The immune study showed mixed monoclonal cryoglobulinemia IgM kappa with cryocrit of 7%. The serum immunofixation revealed a kappa IgM band, with quantification of the homogeneous component of 2.8g/L. The proteins in urine showed an electrophoretic image of glomerular type. Anti-nuclear, anti-DNA, anti-ENA, anti-glomerular basement membrane antibodies and ANCA were negative.

A thoracic and abdominal CT was performed, without evidence of adenopaties suggestive of a lymphoproliferative process. The bone marrow aspirate reported the presence of kappa monoclonal lymphocytosis B, CD5 negative, CD23 weak, CD10 negative, compatible with Waldenström macroglobulinemia.

A renal biopsy was performed, the sample contained a total of 34 glomeruli, showing a lobulated appearance with marked endocapillary hypercellularity, with doubling of basement membranes and with subendothelial fuchsin deposits. Direct immunofluorescence was diffusely positive and globally for IgM, C3 and kappa, with a pattern of membranoproliferative glomerulonephritis. The histology described was compatible with cryoglobulinemic glomerulonephritis (Fig. 2).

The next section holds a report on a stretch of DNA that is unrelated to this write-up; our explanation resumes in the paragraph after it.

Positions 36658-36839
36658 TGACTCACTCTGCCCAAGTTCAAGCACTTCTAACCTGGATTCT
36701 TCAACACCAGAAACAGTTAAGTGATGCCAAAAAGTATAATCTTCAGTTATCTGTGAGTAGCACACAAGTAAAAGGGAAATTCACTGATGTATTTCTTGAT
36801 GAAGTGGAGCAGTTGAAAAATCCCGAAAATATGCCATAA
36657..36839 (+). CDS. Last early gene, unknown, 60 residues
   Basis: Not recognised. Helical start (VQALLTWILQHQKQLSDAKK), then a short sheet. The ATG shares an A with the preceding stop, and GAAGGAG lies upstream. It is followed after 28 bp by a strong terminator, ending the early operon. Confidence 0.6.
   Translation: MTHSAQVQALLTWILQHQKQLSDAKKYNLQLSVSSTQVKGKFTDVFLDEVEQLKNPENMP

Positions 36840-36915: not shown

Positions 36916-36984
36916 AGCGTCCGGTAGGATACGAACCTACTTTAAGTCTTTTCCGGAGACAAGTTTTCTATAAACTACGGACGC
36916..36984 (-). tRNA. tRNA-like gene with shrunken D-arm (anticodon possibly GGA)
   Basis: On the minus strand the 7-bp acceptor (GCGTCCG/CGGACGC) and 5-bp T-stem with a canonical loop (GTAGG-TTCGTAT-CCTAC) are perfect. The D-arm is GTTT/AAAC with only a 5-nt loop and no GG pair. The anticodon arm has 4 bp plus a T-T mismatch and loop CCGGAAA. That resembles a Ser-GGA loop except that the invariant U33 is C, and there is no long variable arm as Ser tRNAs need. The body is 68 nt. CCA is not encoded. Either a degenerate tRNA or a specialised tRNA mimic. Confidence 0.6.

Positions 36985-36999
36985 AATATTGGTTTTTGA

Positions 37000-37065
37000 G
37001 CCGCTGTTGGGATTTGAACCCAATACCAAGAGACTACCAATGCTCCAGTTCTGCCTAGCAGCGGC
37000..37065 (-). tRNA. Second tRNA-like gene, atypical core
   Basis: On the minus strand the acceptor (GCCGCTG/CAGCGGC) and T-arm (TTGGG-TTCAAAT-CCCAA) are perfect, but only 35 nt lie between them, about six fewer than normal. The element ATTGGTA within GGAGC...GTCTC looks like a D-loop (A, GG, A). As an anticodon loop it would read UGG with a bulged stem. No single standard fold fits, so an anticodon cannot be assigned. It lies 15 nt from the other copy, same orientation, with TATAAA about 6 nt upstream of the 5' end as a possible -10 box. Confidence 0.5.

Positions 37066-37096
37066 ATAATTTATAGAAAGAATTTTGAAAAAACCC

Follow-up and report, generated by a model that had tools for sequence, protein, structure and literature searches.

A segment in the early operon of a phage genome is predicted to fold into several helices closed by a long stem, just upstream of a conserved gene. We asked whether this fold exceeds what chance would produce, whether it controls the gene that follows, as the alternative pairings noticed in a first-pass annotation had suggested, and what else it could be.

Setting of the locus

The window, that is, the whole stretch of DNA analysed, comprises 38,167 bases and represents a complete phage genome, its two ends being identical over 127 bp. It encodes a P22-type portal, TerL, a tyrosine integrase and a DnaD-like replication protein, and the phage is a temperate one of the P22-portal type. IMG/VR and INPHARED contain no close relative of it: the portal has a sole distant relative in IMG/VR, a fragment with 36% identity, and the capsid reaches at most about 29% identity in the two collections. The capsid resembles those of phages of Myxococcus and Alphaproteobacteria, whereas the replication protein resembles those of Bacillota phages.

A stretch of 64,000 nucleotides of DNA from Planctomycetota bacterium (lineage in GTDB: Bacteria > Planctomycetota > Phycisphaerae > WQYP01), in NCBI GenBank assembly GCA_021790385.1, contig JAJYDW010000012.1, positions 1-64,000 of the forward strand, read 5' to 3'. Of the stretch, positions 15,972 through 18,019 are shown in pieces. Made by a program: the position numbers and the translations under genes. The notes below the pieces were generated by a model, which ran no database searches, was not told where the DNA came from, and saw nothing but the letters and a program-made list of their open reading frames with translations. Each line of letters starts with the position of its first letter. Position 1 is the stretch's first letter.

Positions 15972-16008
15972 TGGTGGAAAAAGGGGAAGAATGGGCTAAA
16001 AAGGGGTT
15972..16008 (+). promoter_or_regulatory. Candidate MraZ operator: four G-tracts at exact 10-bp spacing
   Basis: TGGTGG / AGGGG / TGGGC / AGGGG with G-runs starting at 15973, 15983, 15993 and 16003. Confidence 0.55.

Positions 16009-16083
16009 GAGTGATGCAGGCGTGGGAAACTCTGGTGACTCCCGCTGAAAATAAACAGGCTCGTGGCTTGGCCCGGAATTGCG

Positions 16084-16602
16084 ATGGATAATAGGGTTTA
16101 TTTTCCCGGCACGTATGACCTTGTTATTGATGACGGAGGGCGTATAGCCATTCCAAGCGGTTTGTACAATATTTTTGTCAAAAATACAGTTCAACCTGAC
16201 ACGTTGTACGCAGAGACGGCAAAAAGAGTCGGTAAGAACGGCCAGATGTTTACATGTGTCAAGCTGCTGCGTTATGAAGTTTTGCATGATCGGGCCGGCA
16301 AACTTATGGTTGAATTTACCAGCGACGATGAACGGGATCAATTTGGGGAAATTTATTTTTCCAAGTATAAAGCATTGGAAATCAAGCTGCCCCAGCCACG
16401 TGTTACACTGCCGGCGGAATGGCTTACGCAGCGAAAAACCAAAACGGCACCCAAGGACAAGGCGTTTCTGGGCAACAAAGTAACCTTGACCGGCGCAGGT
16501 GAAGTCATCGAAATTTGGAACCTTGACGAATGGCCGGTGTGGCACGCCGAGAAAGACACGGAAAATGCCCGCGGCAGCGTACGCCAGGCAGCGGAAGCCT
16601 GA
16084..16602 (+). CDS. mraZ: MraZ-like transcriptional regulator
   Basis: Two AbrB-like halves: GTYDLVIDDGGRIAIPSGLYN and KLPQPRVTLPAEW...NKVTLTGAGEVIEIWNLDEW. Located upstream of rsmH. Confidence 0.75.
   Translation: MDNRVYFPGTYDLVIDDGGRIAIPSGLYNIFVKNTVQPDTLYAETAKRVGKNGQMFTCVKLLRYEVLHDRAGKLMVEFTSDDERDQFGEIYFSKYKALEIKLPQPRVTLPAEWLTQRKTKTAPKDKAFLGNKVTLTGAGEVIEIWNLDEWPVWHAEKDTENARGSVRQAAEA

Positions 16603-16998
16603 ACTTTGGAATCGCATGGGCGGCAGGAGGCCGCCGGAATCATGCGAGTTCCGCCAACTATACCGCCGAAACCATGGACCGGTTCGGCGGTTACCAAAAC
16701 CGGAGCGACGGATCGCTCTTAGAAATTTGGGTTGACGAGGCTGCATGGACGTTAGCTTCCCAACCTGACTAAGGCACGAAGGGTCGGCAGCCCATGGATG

Fig. 2.

(a) Lobulated glomeruli with marked diffuse endocapillar hypercellularity. (b) Marked endocapillary hypercellularity, occasional subendothelial fuchsin deposit and apparent thickening of basement membrane. (c) Occasional double contour. (d) Positive direct immunofluorescence with parietal pattern.


These results allowed us to establish the diagnosis of cryoglobulinemic MPGN associated with low-risk MW, suggesting active treatment for the associated renal involvement. Treatment with rituximab was agreed, after joint multidisciplinary evaluation. Previously, treatment of chemoprophylaxis with isoniazid due to latent tuberculosis and treatment of HBV carrier status with tenofovir was established.

The patient was started on rituximab, with progressive decrease of proteinuria, remission of edema, polyarthralgia and disappearance of skin purpura, after the 2nd dose of the drug. After 4 months, the patient remained asymptomatic and with a proteinuria of 0.4g/day.